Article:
Nat Love
Love c. 1907
Born(1854-06-14)June 14, 1854
Davidson County, Tennessee
DiedFebruary 11, 1921(1921-02-11) (aged 66)
Other namesRed River Dick; Deadwood Dick
Occupation(s)cowboy, rodeo performer, pullman porter, author
Years active1866–1921

Nat Love[a] (June 14, 1854 – February 11, 1921) was an American cowboy and writer active in the period following the Civil War. His reported exploits have made him one of the more famous heroes of the Old West.

Early life

Nat Love, (pronounced "Nate")[2][3][4] was born into slavery on the plantation of Robert Love in Davidson County, Tennessee on June 14, 1854.[1][5] His father was a slave foreman who worked in the plantation's fields, and his mother the manager of its kitchen.[6][7] Love had two siblings: an older sister, Sally, and an older brother, Jordan.[6][5]

Despite slavery-era statutes that outlawed black literacy, he learned to read and write as a child with the help of Sampson, his father. When slavery ended, Love's parents stayed on the Love plantation as sharecroppers, attempting to raise tobacco and corn on about 20 acres, but Sampson died shortly after the second crop was planted. Afterward, Nat took a second job working on a local farm to help make ends meet. At about this time, he was noted as having a gift for breaking horses. After some time of working extra odd jobs in the area, he won a horse in a raffle on two occasions, which he then sold back to the owner for $50 each time. He used the money to leave town, and at the age of 16, headed to the Western United States.[6][7]

Life as a cowboy

Love traveled to Dodge City, Kansas, where he found work as a cowboy with cattle drivers from the Duval Ranch (located on the Palo Duro River in the Texas Panhandle).[8] According to his autobiography, Love fought cattle rustlers and endured inclement weather. He trained himself to become an expert marksman and cowboy, for which he earned from his co-workers the moniker Red River Dick.[6] In 1872, Love moved to Arizona, where he found work at the Gallinger Ranch located along the Gila River.[6] He wrote in his autobiography that he met Pat Garrett, Bat Masterson, Billy the Kid, and others while working the cattle drives in Arizona.[6]

"Deadwood Dick"

After driving a herd of cattle to the rail head in Deadwood, Dakota Territory, he claimed to have entered a rodeo on the 4th of July in 1876, enticed by the $200 prize money. The only difficulty with this story is that Deadwood newspapers, which covered every event of the Fourth of July celebrations, make no mention of a rodeo that day.[6] He claimed to have won the rope, throw, tie, bridle, saddle, and bronco riding contests. It was at this rodeo that he claims friends and fans gave him the nickname "Deadwood Dick",[7][9] a reference to a literary character created by Edward Lytton Wheeler, a dime novelist of the day.[6][b][3][10]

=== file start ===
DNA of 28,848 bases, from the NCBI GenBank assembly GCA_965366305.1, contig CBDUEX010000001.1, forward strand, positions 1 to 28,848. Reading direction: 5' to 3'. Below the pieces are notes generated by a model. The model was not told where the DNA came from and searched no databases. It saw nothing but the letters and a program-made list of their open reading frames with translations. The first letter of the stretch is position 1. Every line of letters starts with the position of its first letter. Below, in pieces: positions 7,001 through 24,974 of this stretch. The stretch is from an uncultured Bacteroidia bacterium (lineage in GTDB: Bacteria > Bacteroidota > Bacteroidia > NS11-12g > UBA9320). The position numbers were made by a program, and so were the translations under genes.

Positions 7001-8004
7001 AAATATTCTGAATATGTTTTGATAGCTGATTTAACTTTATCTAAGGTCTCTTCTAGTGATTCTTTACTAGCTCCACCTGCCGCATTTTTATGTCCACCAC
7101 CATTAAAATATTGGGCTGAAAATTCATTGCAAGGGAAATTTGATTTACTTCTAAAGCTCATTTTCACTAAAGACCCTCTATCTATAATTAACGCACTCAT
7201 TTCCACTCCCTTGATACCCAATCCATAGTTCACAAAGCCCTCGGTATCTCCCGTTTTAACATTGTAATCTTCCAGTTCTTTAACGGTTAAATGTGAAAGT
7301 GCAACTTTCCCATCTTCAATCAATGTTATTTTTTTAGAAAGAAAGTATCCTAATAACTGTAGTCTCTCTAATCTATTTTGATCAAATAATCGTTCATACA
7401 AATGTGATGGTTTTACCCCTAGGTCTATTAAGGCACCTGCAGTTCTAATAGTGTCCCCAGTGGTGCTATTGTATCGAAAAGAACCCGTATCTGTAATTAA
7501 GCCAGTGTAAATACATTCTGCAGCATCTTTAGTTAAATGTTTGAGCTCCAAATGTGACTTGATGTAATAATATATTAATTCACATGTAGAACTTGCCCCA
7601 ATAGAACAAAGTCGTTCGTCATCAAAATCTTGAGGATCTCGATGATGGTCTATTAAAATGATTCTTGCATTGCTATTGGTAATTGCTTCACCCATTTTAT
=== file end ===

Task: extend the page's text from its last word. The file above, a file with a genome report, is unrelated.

Capture and escape

Mounted on my horse my ... lariat near my hand, and my trusty guns in my belt ... I felt like I could defy the world.[6]

In October 1877, Nat Love wrote that he was captured by a band of Pima Indians while rounding up stray cattle near the Gila River in Arizona. Although he claimed to have received over 14 bullet wounds in his career (with "several" received in his fight with the Native Americans while trying to avoid capture), Love wrote that his life was spared because the Indians respected his heritage, a large portion of the band themselves being of mixed blood. He almost married the chief's daughter. The band of Native Americans nursed him back to health, wishing to adopt him into the tribe. Eventually, Love writes, he stole a pony and escaped into West Texas.[6]

Life after being a cowboy

Love during his career as pullman porter (left); Book cover of his autobiography, published in 1907 (right)

Love left the cowboy life before he married a woman named Alice in 1889 and settled down. They lived in Denver, Colorado initially. He took a job in 1890 as a Pullman porter, which involved overseeing sleeping cars on the Denver and Rio Grande Railroad. While working for the railroad, he and his family resided in several western states, before finally moving to southern California.[citation needed]